We’re all trying to stay sane these days, and for many of us that means gaming, but when staying safe means staying away how can we manage that? The Cannibal Halflings talk about how to take your tabletop roleplaying experience digital with options and advice for remote play. As for playing with whoever you’re quarantined with, we highlight a number of single-player and two-player games, and then talk tips for this very different style of play!
Tired of traveling the same old hyperlanes? Had your fill of fighting off stormtroopers? Sick of owing credits to the Hutts? Outer Rim not far enough out for you? Well, it’s not without risks of its own, but have you ever considered Wild Space? Find a planet of your very own, start from scratch, no Empire, no Rebels, no syndicates? It’ll be an entirely new way of life for you out there, so before you start making the astrogation calculations, let me tell you a little about what you might be getting yourself into…
Welcome to Kickstarter Wonk! This month we’ll take a look at ten Kickstarter campaigns that definitely exist, that people can definitely pledge money to!
April Fools! Now, fooling aside, there’s a very good reason that there’s no Kickstarter Wonk this month, namely that there are no Kickstarters (not *no* Kickstarters, but you know my spiel). This is not because of any peculiarity in the RPG world, but rather a peculiarity in the real world. In less euphemistic terms, a global pandemic. On one hand, creators have had to refocus their time into activities that keep food on the table. On the other, many people who would typically have a budget for things like Kickstarter projects are finding their money diverted as large chunks of the economy shut down, and jobs along with them. Because of this, many creators have determined that there’s way less money to go around for Kickstarter campaigns, greatly increasing the likelihood that any given campaign will fail. Therefore, we’re going to pivot this month, and look at different ways that the cash-strapped and/or stir crazy can get a gaming fix for not many dollars.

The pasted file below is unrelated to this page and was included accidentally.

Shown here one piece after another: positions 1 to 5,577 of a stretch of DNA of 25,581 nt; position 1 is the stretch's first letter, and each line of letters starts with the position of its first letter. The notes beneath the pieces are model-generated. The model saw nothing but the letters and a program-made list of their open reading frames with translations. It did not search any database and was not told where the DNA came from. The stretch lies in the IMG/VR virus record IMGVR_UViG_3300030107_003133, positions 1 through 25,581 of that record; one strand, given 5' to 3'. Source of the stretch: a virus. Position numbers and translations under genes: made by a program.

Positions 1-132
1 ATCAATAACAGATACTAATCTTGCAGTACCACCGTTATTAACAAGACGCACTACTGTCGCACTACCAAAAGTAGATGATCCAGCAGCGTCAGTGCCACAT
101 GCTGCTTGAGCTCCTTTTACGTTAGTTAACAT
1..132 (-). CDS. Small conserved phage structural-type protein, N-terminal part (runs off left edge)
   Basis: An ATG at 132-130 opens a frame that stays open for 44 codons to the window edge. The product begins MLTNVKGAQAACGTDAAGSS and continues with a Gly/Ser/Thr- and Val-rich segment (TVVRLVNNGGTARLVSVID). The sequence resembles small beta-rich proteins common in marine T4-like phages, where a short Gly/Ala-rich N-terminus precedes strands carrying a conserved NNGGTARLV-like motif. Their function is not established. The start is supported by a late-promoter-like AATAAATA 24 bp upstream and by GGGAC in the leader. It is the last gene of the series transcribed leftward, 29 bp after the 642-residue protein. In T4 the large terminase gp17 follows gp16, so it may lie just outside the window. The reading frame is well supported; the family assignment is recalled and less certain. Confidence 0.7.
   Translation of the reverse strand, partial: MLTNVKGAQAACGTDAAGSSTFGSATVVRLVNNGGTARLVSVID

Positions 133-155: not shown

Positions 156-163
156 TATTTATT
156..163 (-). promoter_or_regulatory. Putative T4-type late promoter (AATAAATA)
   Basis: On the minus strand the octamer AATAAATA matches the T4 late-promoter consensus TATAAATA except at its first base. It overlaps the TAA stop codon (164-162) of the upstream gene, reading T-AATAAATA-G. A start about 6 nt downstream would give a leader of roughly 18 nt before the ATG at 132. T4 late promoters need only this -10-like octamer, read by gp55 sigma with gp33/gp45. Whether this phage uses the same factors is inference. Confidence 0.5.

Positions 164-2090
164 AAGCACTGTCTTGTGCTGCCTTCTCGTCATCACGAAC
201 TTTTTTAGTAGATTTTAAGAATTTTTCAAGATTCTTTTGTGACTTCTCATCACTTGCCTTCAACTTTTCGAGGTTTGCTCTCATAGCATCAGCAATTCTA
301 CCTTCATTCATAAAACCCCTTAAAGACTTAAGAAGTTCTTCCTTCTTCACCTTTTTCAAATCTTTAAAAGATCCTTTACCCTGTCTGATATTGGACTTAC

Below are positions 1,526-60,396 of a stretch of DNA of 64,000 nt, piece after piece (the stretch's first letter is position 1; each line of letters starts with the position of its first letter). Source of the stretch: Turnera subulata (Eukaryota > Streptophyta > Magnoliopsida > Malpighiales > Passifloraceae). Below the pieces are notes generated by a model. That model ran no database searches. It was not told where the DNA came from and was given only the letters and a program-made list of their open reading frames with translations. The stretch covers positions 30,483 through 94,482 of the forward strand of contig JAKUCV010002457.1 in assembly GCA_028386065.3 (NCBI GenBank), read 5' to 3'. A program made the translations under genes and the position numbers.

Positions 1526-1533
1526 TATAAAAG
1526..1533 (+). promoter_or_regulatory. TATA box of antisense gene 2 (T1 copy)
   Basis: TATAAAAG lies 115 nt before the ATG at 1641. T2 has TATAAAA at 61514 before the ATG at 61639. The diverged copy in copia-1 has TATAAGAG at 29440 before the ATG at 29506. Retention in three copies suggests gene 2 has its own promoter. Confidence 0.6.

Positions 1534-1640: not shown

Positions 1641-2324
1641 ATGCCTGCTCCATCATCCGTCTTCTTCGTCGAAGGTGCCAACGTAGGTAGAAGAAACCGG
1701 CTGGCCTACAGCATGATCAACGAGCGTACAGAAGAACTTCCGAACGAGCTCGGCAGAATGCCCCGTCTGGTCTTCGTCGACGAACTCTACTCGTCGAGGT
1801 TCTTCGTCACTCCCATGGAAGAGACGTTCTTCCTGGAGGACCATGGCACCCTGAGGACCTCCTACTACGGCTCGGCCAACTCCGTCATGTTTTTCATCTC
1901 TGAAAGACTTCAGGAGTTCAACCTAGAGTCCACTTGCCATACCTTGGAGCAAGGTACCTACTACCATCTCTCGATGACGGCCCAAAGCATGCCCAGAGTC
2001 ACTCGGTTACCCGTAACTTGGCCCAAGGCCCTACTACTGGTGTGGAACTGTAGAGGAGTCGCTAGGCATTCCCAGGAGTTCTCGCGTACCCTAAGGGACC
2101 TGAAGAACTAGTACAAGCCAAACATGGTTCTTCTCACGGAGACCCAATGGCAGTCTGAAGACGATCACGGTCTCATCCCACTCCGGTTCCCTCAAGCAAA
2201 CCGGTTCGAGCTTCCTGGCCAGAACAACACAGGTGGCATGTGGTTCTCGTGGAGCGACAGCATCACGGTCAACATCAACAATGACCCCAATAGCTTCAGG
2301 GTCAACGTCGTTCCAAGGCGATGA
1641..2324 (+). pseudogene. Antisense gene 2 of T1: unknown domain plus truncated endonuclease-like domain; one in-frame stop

As you may have guessed from my previous articles, I enjoy podcasts. RPG actual play podcasts in particular. That’s not to say I don’t enjoy the occasional stream. But podcasts have just such a relaxing quality to them that I can’t understate. The fact you just whip out your phone, pop in some headphones and throw one on. It’s fun to have these stories pour into your ears.
And, as you may have also noticed, I enjoy Masks: A New Generation. It’s easily my favorite RPG and in my opinion, does the best job of emulating superheroes of any tabletop RPG on the subject. It’s just good teen superheroes that are a mask (See what I did there) for the angst and drama of teenage life.
So it should come as now surprise that Masks actual plays are one of my favorite things in the world. I was waiting on bated breath for season 3 of Young Justice for so long, and discovering there’s a whole catalogue of stories that deliver the hits of that show so regularly was more than welcome.
And when James Malloy of Protean City Comics and Stop. Hack. And Roll! Podcasts set up a cross podcast tournament based around voting polls for Masks podcasts, I was ecstatic. I was writing fanfics, interacting with the community and making memes (God, did I make so many memes) left, right and center on Twitter. It’s an amazing time to see a community come together to just have fun.
And I thought:
“Hey! I write articles on awesome subjects. And this is an awesome subject. Why don’t I write an article on this?”
And surprise, surprise, I did! So sit back. Relax, Open up a favorite drink. And maybe you’ll find a podcast here to listen to.
Few segments of the RPG fandom are as misunderstood as the OSR. At least, that’s what they keep saying on Twitter. The OSR, or “Old-School Renaissance”, are gamers who appreciate both the mechanics and implied playstyle of older editions of D&D, any of the TSR versions but usually Basic D&D and usually the versions of it (B/X, BECMI, or Rules Cyclopedia) that existed roughly from 1981 to 1991. The real problem with the OSR is a marketing problem; in the past it has been hard to distinguish those genuinely interested in the play philosophies of older D&D from those who were merely retreating to older games. Every time I’ve tried to look into the OSR and OSR games, I’ve come away asking the same question: “why are there so many hacks of Basic D&D and why exactly should I care?”